Perhaps even better than the pernil asado (which is excellent) is the arroz con pollo, a chicken and rice dish made with saffron rice, shredded chicken, sofrito, peas and carrots.  My Kim called it the best arroz con pollo she’s ever had while I’d be challenged to choose between Cafe Caribe’s version or the one served at Ajiaco Colombian Bistro.  It’s amazing how moist and delicious a rice dish can be made (if only someone could teach New Mexicans how to make it).  It’s so good you may want to finish it all in one serving, but so plentiful, you could have a second meal.

Just because peaches aren’t native to the Caribbean doesn’t mean enterprising chefs can’t incorporate them into delicious desserts.  Appropriately, one of the best ice cream-based desserts anywhere in Albuquerque, is called the Peach Paradise.  It’s easy to taste why.  A large goblet is hard-pressed to contain the generous scoops of French vanilla ice cream with its characteristically richer and deeper flavor notes than regular ice cream along with whipped cream, a cherry sauce and sliced peach halves.  It’s an excellent dessert with refreshing qualities and the superb flavors of fresh peaches and rich French vanilla.

Peach Paradise

As if you need any more reasons to visit, Cafe Caribe provides live music every Friday.  They offer vegetarian dishes and gluten-free options every day.  It’s a family-owned and operated restaurant with an experienced chef who aims to please.

Cafe Caribe
102 4th Streeet, N.W.
Albuquerque, New Mexico
(505) 242-2378
Web Site
LATEST VISIT: 28 March 2015
# OF VISITS: 1
RATING: N/R
COST: $$ – $$$
BEST BET: Peach Paradise, Arroz Con Pollo, Roasted Pork/Pernil, Empanada Trio, Ensalada Con Piña Y Pollo

Cafe Caribe a B Q on Urbanspoon

La Fonda Del Bosque – Albuquerque, New Mexico (CLOSED)

La Fonda Del Bosque within the sprawling National Hispanic Cultural Center

In the millennium year, after years of planning and lobbying, the dream was finally realized of a haven  dedicated to the preservation, promotion, and advancement of Hispanic culture, arts, and humanities. In 2000, the National Hispanic Cultural Center (NHCC), launched along the Camino Real in the Albuquerque’s historic Barela’s neighborhood.  The Center is an architectural anomaly in a largely adobe-hued area, its unique structures including a renovated hacienda-style school, a stylized Mayan pyramid with interior elements modeled on Romanesque architecture and a torreon (tower) housing a 4,000 square foot concave fresco depicting over 3,000 years of Hispanic history.

Ironically the complex chartered to preserve, protect and promote Hispanic culture had to displace several families, thereby disenfranchising some of the very families who embody the Hispanic culture in Albuquerque.  One resident–the late Adela Martinez–stared down bureaucrats and made them blink, refusing to move.  The forty-million dollar Cultural Center had to be redesigned to accommodate her family in the home she moved into in the 1920s.  Today, her family’s two small houses stand out, not like a sore thumb, but as a testament to the courage of one 80-year old Hispanic woman whose treasured memories were worth much more than the monetary treasures government offered.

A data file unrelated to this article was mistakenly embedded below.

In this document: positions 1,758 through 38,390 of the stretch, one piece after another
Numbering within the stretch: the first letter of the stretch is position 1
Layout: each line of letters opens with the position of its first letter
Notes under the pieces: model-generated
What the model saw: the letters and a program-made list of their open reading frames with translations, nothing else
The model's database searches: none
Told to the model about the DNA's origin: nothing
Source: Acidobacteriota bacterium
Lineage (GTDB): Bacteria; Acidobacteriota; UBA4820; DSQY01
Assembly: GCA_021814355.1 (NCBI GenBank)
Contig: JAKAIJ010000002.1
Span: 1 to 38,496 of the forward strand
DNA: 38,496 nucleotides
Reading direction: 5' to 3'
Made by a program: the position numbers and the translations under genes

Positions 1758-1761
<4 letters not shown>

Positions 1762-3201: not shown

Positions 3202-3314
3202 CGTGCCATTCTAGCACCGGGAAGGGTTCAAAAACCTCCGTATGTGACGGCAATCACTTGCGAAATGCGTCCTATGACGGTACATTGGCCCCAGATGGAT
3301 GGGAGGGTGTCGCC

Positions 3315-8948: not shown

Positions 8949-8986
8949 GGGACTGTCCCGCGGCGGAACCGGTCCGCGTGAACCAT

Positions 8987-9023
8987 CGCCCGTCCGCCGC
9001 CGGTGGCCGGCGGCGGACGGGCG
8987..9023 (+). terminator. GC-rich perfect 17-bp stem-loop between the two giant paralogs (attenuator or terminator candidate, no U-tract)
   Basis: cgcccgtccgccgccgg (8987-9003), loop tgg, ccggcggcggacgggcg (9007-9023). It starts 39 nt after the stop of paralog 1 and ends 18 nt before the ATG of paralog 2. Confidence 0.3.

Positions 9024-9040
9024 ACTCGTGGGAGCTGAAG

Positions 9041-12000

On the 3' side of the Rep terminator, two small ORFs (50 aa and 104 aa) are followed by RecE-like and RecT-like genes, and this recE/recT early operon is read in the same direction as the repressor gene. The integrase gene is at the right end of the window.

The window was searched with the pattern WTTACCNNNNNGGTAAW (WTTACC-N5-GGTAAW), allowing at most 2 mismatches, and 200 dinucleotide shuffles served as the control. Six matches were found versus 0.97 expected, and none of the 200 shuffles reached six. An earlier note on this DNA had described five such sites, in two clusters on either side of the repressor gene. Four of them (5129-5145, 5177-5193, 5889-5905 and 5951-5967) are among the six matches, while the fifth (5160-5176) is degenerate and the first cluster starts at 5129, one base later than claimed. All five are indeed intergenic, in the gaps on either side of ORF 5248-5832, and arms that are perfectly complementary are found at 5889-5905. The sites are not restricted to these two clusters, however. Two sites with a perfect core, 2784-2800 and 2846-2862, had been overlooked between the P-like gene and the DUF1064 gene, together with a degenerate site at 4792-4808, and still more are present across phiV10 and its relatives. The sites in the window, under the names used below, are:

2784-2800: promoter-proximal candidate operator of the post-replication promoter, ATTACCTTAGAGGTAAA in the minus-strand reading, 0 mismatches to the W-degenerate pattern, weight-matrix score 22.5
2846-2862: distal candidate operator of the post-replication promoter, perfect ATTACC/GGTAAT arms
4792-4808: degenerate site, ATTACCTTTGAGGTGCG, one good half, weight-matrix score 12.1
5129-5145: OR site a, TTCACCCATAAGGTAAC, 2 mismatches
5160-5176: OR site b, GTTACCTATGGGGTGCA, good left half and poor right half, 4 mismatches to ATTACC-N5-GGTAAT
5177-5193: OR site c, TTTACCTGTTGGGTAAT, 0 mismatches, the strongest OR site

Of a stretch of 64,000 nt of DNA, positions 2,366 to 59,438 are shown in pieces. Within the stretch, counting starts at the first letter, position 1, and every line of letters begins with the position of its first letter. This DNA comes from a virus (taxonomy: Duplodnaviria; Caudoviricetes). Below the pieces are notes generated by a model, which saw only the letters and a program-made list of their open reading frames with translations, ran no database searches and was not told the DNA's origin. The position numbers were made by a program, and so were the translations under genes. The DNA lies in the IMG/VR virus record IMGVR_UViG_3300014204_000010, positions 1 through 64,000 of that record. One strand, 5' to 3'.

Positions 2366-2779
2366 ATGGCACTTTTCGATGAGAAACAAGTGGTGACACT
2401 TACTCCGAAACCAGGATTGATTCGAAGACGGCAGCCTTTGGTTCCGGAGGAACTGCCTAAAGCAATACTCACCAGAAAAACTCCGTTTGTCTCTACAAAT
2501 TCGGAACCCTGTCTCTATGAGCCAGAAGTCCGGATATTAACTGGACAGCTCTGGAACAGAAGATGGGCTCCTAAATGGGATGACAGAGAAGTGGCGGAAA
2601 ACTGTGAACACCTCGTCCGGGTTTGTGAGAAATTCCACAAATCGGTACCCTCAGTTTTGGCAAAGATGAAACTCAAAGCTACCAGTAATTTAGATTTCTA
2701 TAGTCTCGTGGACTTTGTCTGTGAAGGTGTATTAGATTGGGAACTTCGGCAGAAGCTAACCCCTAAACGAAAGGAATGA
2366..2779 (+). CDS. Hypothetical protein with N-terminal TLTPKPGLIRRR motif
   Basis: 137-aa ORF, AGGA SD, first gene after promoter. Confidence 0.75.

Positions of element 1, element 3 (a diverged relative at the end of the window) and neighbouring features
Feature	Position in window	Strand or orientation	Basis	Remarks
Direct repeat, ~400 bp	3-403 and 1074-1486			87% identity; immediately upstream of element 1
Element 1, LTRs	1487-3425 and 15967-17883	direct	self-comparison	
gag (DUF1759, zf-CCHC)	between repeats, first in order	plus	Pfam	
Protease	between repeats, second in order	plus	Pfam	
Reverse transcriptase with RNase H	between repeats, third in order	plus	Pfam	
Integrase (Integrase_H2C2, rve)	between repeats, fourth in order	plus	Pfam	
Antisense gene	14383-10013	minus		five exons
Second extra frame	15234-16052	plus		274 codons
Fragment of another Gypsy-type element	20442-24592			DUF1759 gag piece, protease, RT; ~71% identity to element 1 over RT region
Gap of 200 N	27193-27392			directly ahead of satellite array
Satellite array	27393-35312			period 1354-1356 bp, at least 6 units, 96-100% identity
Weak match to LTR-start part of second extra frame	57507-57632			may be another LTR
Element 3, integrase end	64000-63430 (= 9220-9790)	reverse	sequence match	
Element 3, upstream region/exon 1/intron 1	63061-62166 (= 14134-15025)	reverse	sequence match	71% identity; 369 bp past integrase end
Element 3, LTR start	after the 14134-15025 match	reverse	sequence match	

fondadelbosque02

The home of Adela Martinez, a New Mexico treasure

Since November, 2000, the converted Barelas Elementary School on the sprawling NHCC complex has served as the home of La Fonda Del Bosque, a stylish 280-seat restaurant.    La Fonda, which translates from Spanish to “The Inn” almost immediately garnered recognition.  Within three years of its launch,  Hispanic magazine named it one of the 50 best Hispanic restaurants in the United States for two consecutive years (2003 and 2004).  It was also named one of Gourmet Magazine’s “Best Kept Secrets.” A higher compliment is that many locals love it, too, especially during the Sunday brunch when they can sample a greater bounty of Hispanic favorites.

Over the years, a number of catering and restaurant management companies have tried their hand at running La Fonda Del Bosque.  The most recent to take the helm is A KayTahRing Company which began operating the restaurant in June, 2012.  After several years of serving New Mexican food, the new operators are taking the restaurant in a new direction, showcasing “flavors, cooking styles and ingredients from the 27 countries comprising Central and South America and the Latino Caribbean islands” according to the restaurant’s Web site.

Dining Room at La Fonda Del Bosque

La Fonda is open for breakfast and lunch as well as for brunch on Sundays. Dinner is served only for special events when the upscale milieu really shines.   While the menu offerings may have a Latin fusion flair, the ambiance at La Fonda Del Bosque is most decidedly Southwestern with a pronounced New Mexican influence.  The centerpiece of the dining room is a wood-burning fireplace that may make you wish it was winter so you could imbibe the aromas of piñon wood.  On bright New Mexican summer days, the  tinwork light fixtures aren’t much needed because the large windows let in so much natural light.  Service is impeccable.